‘The Politics of New Labour’ covers the extremely well-worn territory of the story of the Eurocommunists, the last years of the Communist Party, and the brief Indian summer of ‘Marxism Today’ under Martin Jacques editorship. This must be one of the most over-written and studied areas of the recent history of the British left, and although Pearmain tells this story well, he doesn’t really add anything new.
Then he introduces a second ingredient: the rise and fall of New Labour, which is probably the most examined, analysed and written about political terrain in British political history. It is very difficult to make an original case on this ground. Pearmain tries, through the Eurocom/MT agenda and influence on New Labour, and his ‘Gramscian analysis’, but flaws are evident.
For a start, the Eurocom/MT world was based in a declining, elite-driven, London-centred politics: that long left story of mirroring the limitations of the British state which at its worst descends into what Tom Nairn calls ‘the ‘Etonian Leninism’ of ‘New Left Review’’. More crucially, ‘Marxism Today’ for all its sense of its role and place in history then and now (how typical of Communists!) wasn’t the only show in town and was only one of several influences on Labour. For example, in the post-Bennite era of early 1980s Labour there was to name just a few: the ferment of ‘New Socialist’ magazine which doesn’t warrant one mention from Pearmain, the soft left of the LCC, Clause Four and ‘Chartist’, and more important than any of this, a parliamentary leadership which wanted, post-1983, to stop losing.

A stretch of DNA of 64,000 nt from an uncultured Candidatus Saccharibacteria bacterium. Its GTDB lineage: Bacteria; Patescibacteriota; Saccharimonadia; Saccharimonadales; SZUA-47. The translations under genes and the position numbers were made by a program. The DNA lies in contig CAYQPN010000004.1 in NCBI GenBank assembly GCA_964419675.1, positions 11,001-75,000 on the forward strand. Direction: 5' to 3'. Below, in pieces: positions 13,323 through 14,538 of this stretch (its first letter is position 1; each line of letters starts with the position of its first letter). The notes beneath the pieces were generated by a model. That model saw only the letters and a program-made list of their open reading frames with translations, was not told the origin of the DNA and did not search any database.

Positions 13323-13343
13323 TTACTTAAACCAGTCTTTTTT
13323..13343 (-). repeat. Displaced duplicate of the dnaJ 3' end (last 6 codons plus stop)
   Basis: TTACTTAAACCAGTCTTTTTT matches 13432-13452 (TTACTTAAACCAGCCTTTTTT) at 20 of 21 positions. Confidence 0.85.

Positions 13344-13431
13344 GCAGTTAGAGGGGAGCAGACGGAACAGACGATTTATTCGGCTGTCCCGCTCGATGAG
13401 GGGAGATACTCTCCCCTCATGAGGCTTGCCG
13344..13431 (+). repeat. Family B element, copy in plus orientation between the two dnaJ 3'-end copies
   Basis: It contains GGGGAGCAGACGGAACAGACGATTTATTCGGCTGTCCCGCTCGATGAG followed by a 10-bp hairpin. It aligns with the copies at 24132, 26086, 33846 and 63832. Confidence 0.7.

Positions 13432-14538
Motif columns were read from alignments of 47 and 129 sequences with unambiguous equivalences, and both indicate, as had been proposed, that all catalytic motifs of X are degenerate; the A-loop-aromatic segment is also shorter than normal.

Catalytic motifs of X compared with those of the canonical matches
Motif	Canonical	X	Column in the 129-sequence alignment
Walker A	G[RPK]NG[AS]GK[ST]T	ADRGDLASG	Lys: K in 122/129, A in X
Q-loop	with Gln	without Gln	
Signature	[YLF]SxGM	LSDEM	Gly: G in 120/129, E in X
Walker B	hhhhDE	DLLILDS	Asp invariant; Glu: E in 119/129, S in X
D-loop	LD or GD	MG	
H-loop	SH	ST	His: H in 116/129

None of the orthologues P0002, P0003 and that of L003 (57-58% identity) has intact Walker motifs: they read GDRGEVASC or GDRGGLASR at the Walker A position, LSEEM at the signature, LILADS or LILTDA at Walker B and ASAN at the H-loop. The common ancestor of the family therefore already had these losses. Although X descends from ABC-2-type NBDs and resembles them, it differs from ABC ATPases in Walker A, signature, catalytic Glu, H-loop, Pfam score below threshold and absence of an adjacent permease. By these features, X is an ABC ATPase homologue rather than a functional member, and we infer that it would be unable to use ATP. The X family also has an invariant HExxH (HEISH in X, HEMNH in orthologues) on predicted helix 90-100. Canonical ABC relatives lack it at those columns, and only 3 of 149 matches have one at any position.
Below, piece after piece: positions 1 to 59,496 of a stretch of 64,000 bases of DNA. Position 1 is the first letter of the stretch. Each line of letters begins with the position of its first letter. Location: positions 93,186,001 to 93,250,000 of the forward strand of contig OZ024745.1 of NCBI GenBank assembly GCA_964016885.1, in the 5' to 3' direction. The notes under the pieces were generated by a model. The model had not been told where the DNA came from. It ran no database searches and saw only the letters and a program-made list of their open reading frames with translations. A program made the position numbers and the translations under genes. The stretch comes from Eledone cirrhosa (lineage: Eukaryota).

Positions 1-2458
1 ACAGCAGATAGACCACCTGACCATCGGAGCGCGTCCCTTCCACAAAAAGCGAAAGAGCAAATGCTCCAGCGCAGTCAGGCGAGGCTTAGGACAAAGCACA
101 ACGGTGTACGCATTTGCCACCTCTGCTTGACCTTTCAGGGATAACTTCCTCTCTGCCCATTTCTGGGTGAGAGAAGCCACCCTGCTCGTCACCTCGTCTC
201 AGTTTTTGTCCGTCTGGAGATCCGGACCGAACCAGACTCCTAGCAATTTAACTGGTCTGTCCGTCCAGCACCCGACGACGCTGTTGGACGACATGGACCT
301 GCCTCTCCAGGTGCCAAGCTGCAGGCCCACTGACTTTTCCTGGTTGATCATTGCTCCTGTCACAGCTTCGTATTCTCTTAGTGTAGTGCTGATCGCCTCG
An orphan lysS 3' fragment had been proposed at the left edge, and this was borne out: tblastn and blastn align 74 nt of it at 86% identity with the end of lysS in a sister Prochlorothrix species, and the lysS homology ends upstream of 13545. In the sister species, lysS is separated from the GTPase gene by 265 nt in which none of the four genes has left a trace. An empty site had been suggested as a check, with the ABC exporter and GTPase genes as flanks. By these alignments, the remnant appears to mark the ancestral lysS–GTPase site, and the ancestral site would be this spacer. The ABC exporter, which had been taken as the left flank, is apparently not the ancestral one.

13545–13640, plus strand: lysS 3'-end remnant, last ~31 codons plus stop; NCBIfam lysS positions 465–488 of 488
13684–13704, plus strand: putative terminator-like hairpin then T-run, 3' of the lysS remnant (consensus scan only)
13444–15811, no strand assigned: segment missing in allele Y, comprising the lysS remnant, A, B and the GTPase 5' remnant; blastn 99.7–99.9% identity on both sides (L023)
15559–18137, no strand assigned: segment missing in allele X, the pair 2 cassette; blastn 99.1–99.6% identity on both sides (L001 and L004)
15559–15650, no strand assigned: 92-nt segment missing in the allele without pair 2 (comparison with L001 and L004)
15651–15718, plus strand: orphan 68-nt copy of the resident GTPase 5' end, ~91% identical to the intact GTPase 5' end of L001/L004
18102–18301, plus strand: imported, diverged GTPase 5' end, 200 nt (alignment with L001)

The Scottish Socialist Party operated in a very different universe. It emerged from the poll tax mass non-payment campaign in Scotland and the struggles of the Militant Tendency. When, on the back of this success, a separate party was created, it saw Tommy Sheridan elected to the Scottish Parliament in 1999, followed by the return of six MSPs and the nearly 7% of the popular vote in 2003.
Neither of these stories ends well. New Labour’s humiliation of age-old centre-left values is a familiar one. The Scottish Socialist Party rode the tiger of community protest and the celebrity and charisma of its convenor Tommy Sheridan to self-destruction. Its high point in 2003 turned out to be the beginning of the end, with Sheridan unable to share the limelight; his demise was a sordid, sadly comic tale of seedy sex in Manchester swinger clubs. Meanwhile, he presented in public his abstemious, morally upright character. He briefly had a moment of false triumph as he defeated the Murdochs’ News International in a defamation trial in 2006 over these allegations, but was subsequently charged and found guilty of perjury in 2010 and sentenced to three years in jail. This is a gripping tale, and one McCombes tells with a certain flare, eye for detail, and desire for revenge, having worked with Sheridan over the years, only to see him destroy everything.
‘The Politics of New Labour’ has ambition well beyond its insights. This is representative of the self-belief and self-importance of the Communist and post-Communist journey. With its bold intention to frame a ‘Gramscian analysis’, it inadvertently reveals the limits of using such an interpretation in mainstream politics. Gramsci, like all those endless 1970s debates on Althusser and Poulantzas, is a rather poor guide to the challenges of late 20th century politics, and even less so for the 21st century. He may have aided some, post-68, to leave the straightjacket of orthodox Marxism and facilitated a more creative left politics, but doesn’t really offer much for the present or the future.